In each of the books, Davies displays a phenomenal range of knowledge which is occasionally a little overwhelming, but for me he has been a great discovery and I only regret coming to him so late. Try this or any of the trilogies and you are likely to be searching for the other two!
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2 of 2 people found the following review helpful
on 10 January 2010
The Salterton Trilogy is the first of three completed by Davies before his death (the other two being The Deptford and Cornish Trilogies). It draws heavily on Davies' experiences in 1940s London working as a bit-part actor at the Old Vic, and as a student in Oxford in 1938. His empathy with the world of the actor and musician, and his warm understanding of the human condition, mean that all the characters are evoked with humour, insight and compassion - even the hard to love ones such as Norm and Duchy, Bevill Higgin and Ma Gall. The trilogy also explores the dynamics of the parent-child relationship, and the unhappiness and personal sacrifice that parents can deliberately or unwittingly impose on the children they purport to love.
The first volume of the trilogy, Tempest Tost, narrates the events connected to an amateur production of The Tempest. It introduces main characters Solly Bridgetower, Pearl/Veronica Vambrace and organist Humphrey Cobbler, whose presence unites the three novels.
The second volume, Leaven of Malice, explores the effects of a malicious practical joke - the placing of a fictitious engagement announcement in the local paper. The repercussions of this moment of spite are felt by several characters from the first novel.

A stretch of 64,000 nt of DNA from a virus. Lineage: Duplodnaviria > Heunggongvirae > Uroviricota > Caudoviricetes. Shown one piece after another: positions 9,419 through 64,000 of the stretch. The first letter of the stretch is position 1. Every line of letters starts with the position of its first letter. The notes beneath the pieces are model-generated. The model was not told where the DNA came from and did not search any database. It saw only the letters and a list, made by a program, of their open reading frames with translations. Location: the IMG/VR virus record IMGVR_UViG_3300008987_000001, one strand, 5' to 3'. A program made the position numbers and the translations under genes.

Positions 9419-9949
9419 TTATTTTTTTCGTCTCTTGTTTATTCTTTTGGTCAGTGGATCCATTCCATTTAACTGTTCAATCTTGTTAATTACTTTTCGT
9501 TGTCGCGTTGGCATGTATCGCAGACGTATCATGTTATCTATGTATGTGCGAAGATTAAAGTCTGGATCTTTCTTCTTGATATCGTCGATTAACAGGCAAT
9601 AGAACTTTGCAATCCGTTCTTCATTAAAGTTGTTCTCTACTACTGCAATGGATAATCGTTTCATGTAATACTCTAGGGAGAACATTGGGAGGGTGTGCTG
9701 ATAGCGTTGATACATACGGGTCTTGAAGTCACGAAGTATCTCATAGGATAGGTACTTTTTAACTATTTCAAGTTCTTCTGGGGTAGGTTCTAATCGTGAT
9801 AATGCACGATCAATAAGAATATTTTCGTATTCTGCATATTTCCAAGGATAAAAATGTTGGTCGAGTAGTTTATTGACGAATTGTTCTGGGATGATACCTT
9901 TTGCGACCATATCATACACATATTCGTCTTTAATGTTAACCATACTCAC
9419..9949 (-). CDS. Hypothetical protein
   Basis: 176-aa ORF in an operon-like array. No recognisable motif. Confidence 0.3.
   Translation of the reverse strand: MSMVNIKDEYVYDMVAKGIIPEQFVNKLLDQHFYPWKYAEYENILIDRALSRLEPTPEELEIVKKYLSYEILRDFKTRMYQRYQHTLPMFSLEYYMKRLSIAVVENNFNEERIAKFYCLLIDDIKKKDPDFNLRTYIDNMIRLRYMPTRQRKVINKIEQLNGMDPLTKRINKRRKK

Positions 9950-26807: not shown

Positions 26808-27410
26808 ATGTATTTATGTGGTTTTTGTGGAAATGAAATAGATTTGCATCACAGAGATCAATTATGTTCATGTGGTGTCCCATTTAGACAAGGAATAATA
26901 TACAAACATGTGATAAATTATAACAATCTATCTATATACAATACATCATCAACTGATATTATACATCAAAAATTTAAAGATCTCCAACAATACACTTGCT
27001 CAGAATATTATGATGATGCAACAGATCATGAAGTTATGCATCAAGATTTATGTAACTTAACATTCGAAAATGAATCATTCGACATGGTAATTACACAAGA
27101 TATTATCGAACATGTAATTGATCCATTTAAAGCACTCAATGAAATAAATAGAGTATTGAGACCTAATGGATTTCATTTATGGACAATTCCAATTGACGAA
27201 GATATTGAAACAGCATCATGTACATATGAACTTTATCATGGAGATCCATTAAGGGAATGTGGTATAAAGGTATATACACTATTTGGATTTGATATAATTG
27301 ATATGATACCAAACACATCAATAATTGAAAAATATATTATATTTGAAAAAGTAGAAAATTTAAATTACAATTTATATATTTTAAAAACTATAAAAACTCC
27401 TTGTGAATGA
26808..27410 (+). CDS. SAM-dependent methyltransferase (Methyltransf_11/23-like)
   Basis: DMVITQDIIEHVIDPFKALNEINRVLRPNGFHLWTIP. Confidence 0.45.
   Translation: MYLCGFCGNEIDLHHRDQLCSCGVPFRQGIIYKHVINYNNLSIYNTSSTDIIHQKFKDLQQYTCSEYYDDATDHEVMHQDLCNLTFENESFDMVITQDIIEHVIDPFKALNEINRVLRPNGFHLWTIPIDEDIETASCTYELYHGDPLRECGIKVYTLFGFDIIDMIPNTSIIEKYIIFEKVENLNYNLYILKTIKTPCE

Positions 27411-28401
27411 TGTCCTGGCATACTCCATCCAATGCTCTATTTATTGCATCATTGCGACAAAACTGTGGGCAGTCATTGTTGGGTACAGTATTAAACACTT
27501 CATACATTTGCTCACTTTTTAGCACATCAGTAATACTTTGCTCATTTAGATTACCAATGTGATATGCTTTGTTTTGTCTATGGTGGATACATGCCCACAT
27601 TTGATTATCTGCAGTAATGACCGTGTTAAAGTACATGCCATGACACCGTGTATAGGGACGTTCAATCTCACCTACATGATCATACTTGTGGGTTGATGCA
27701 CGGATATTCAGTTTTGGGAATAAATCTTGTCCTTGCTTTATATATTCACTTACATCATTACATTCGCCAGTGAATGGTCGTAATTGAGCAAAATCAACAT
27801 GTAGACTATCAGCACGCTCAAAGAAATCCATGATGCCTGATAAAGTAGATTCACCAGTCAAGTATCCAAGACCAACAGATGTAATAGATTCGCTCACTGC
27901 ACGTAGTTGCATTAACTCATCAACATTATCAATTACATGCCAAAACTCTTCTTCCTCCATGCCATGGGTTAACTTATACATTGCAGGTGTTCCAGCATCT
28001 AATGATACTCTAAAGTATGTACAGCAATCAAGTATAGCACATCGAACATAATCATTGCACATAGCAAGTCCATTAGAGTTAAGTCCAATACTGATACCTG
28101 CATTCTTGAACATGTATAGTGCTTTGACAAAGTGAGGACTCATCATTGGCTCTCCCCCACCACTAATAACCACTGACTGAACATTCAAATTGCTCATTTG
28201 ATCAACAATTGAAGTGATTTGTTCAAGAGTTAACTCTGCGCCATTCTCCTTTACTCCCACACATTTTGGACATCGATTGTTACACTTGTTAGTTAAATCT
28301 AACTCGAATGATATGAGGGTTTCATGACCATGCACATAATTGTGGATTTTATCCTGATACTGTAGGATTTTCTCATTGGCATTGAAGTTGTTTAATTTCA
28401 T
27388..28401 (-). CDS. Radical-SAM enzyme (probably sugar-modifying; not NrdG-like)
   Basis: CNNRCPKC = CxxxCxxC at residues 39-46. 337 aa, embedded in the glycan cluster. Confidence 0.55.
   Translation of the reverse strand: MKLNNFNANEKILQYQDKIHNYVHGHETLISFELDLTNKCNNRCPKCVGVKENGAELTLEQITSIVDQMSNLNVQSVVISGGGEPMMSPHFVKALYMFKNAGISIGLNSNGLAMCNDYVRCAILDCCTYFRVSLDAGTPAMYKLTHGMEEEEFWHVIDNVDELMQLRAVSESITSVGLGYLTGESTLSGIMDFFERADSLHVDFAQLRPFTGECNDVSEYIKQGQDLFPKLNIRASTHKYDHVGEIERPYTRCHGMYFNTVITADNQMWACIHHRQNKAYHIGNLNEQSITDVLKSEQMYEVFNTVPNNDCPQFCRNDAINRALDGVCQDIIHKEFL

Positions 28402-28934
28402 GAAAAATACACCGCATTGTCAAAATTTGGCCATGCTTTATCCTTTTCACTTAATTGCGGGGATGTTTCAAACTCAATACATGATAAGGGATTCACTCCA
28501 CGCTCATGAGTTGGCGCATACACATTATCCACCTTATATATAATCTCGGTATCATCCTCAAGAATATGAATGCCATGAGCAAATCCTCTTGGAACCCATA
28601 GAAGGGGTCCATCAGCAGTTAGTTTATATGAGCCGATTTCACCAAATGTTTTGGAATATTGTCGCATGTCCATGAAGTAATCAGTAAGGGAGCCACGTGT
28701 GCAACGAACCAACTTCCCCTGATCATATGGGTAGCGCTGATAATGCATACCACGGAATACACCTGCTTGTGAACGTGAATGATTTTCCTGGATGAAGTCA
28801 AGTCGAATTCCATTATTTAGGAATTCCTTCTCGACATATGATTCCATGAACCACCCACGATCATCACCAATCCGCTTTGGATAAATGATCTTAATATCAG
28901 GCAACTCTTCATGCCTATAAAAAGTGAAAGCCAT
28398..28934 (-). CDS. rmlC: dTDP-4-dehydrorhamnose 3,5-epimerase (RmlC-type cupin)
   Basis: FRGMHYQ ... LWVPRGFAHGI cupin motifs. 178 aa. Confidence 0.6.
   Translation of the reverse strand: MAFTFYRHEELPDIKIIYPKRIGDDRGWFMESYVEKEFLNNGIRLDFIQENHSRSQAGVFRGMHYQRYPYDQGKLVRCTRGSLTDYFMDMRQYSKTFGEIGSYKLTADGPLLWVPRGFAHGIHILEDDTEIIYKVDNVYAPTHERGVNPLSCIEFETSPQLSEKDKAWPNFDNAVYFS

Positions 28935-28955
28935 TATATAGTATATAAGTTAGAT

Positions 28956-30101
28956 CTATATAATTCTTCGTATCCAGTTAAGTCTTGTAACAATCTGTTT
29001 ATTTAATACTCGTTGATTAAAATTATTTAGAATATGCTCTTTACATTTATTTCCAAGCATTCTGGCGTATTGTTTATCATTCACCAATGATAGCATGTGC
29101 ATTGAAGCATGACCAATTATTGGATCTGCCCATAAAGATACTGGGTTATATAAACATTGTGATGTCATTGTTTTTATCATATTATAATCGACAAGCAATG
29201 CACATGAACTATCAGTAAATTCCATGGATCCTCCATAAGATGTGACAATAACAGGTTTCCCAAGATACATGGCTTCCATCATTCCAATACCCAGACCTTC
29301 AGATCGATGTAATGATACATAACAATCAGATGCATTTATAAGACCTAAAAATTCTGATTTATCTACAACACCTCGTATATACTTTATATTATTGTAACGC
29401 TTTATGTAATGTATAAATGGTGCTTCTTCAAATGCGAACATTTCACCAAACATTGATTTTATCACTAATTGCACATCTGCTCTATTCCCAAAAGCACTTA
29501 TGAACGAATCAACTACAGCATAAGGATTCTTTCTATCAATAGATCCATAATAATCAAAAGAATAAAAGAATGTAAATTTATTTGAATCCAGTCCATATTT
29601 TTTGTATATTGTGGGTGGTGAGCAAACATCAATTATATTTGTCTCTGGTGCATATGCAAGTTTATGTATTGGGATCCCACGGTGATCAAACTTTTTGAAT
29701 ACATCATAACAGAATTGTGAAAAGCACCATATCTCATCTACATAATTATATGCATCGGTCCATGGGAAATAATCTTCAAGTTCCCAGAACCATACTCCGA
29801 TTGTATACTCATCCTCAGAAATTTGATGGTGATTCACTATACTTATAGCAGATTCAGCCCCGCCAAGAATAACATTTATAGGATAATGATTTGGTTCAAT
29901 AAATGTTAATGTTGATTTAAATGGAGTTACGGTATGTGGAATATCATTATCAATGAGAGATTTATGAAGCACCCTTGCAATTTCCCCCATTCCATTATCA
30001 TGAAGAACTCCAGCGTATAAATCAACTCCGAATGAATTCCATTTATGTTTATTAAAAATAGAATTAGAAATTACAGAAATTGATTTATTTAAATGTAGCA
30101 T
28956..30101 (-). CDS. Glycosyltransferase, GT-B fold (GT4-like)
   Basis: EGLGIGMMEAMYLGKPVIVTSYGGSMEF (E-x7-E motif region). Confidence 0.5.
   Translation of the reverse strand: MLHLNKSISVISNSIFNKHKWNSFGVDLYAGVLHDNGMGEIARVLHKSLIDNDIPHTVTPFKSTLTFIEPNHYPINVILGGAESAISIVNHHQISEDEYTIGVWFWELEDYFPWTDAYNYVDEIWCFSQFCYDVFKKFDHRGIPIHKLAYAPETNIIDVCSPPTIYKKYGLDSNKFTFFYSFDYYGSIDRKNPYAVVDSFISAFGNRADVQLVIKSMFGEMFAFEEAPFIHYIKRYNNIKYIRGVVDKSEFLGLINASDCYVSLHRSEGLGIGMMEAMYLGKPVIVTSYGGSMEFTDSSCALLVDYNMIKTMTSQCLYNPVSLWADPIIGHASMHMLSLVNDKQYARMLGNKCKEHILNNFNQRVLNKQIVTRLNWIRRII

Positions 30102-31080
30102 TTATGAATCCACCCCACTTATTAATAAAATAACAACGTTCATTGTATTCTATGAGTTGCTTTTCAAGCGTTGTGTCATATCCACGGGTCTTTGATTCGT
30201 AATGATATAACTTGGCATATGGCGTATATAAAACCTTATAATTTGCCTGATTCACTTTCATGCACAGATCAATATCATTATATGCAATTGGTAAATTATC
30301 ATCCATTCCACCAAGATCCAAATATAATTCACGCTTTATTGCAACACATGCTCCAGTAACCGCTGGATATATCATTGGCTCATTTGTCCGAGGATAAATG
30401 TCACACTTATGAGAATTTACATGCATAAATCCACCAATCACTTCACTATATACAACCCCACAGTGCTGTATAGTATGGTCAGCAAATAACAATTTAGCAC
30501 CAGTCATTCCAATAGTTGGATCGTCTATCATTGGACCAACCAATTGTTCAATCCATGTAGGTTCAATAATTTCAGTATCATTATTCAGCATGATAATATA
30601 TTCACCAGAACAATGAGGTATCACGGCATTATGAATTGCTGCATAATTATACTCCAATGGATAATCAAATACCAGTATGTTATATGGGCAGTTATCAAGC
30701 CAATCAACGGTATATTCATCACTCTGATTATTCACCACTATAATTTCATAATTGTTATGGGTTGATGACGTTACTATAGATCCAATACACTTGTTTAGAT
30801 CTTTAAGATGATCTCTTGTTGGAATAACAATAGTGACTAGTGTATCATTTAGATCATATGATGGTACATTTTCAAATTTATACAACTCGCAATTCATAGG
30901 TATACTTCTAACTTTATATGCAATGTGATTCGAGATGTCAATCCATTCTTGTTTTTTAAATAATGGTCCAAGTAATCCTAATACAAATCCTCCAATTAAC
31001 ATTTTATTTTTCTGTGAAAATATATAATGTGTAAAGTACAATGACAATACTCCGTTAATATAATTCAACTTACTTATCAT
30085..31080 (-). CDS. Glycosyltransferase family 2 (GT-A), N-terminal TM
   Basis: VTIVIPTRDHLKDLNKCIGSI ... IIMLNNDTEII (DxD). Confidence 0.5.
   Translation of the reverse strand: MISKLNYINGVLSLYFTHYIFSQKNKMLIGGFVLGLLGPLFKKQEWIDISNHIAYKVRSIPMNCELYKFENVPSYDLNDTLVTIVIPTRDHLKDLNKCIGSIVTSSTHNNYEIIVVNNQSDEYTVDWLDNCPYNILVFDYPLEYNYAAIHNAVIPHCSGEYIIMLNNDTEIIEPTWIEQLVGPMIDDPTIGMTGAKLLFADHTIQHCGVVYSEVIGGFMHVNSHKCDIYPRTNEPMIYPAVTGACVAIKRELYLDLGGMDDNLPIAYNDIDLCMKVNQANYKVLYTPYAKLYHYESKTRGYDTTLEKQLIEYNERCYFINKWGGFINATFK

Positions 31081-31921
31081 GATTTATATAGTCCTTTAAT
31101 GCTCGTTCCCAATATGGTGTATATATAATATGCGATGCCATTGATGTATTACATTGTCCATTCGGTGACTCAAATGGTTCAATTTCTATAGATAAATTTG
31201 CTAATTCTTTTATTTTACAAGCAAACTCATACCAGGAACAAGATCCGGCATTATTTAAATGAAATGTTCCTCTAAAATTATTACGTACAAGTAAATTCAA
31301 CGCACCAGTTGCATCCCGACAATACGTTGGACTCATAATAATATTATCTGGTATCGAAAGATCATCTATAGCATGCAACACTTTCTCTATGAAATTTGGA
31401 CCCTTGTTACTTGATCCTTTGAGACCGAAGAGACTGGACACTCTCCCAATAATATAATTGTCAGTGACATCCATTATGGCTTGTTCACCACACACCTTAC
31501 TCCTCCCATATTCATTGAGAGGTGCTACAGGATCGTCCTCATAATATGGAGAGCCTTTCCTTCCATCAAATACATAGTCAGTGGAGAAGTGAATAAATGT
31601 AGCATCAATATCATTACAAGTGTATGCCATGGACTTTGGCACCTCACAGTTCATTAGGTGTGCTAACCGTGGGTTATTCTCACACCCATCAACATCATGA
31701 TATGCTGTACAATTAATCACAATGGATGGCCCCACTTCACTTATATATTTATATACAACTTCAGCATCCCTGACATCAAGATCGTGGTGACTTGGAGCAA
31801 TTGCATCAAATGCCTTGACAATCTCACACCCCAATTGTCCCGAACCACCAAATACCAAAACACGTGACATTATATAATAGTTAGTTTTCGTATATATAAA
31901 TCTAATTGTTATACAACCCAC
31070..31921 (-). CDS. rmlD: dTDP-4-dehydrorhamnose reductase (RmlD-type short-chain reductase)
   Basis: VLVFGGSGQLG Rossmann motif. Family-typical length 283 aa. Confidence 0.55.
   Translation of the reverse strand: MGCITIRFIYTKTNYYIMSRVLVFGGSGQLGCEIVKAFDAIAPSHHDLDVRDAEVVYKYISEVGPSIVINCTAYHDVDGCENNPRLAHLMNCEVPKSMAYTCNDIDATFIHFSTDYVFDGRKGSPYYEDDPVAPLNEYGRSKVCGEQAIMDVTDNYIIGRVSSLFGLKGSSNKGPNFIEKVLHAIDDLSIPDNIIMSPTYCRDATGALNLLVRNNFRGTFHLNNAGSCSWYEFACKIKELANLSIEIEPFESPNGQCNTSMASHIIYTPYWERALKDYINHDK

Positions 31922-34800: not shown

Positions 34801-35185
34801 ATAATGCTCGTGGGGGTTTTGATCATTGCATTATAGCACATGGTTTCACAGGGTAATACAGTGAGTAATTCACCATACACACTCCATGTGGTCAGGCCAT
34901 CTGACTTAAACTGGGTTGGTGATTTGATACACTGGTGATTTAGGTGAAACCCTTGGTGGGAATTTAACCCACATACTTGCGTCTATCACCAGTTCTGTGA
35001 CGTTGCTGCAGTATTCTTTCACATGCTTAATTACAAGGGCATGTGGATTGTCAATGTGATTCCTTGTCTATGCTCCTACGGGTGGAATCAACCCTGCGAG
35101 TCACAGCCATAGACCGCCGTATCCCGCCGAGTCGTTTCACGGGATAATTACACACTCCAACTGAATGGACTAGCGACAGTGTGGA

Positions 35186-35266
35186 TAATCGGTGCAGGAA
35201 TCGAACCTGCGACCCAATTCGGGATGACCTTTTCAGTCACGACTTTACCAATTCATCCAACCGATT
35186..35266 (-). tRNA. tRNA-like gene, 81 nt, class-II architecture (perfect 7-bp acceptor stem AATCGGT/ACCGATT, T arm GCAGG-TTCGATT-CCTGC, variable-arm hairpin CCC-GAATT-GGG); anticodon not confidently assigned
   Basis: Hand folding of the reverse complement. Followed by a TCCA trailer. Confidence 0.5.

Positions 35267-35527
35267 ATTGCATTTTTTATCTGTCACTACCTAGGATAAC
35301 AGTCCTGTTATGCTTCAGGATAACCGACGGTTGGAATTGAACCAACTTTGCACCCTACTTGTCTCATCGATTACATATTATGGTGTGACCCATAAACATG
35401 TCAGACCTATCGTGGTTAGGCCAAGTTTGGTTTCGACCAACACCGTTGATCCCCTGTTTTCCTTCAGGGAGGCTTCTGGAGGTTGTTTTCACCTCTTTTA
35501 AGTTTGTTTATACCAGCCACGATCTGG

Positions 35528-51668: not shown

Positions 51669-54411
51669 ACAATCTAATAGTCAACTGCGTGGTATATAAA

The final volume, A Mixture of Frailties, is a stunning evocation of a Britain shaking off the post-war gloom and shortages, seen through the eyes of Bridgetower Scholar Monica Gall, sent from Salterton to train as a singer under the terms of Solly Bridgetower's mother's will. Monica becomes involved with Giles Revelstoke, whose life and career as a critic and composer are clearly based on Peter Warlock.
Davies explored some of the themes of the Salterton Trilogy again in the Cornish Trilogy, but there is a freshness and charm to his first three novels that make them quite special in his distinguished and hugely enjoyable output. His blend of Jungian philosophy, hilarious set-pieces (Monica's leaving party with The Thirteeners; Norm and Duchy's monstrous soiree), scholarship lightly worn and sheer love of humanity make his novels truly enchanting. He is one of my favourite authors and his three trilogies repay reading again and again.
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1 of 1 people found the following review helpful
A deeply wise book in a fountain of wisdom.It would be impossible to read just one and not feel that a part of a great feast was missing.
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on 20 December 2012
The Deptford trilogy is one of my favoutite books and reviewers have said that the Salterton is even better. Sadly I found it very dated, characters unsympathetic and the action a matter of indifference to me. It failed to engage me at all. I shall try to finish it when I have nothing else to read just because it is there,- rather like a sauce bottle!
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6 of 8 people found the following review helpful
on 10 January 2001
Great characters (Professer Vambrace, Humphrey Cobbler etc), and believable storylines. I've read this twice now, and it was even better second time around.
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on 11 May 2015
Davies is a masterful writer, whose depth of knowledge about art, mythology, history and everything in between, know no bounds.
I love all of his writings, he is the master of novel writing.
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on 3 April 2015
I'm still reading it but have read it before, and I enjoy his books very much, particularly the Trilogies. I think Robertson Davies is probably my favourite author.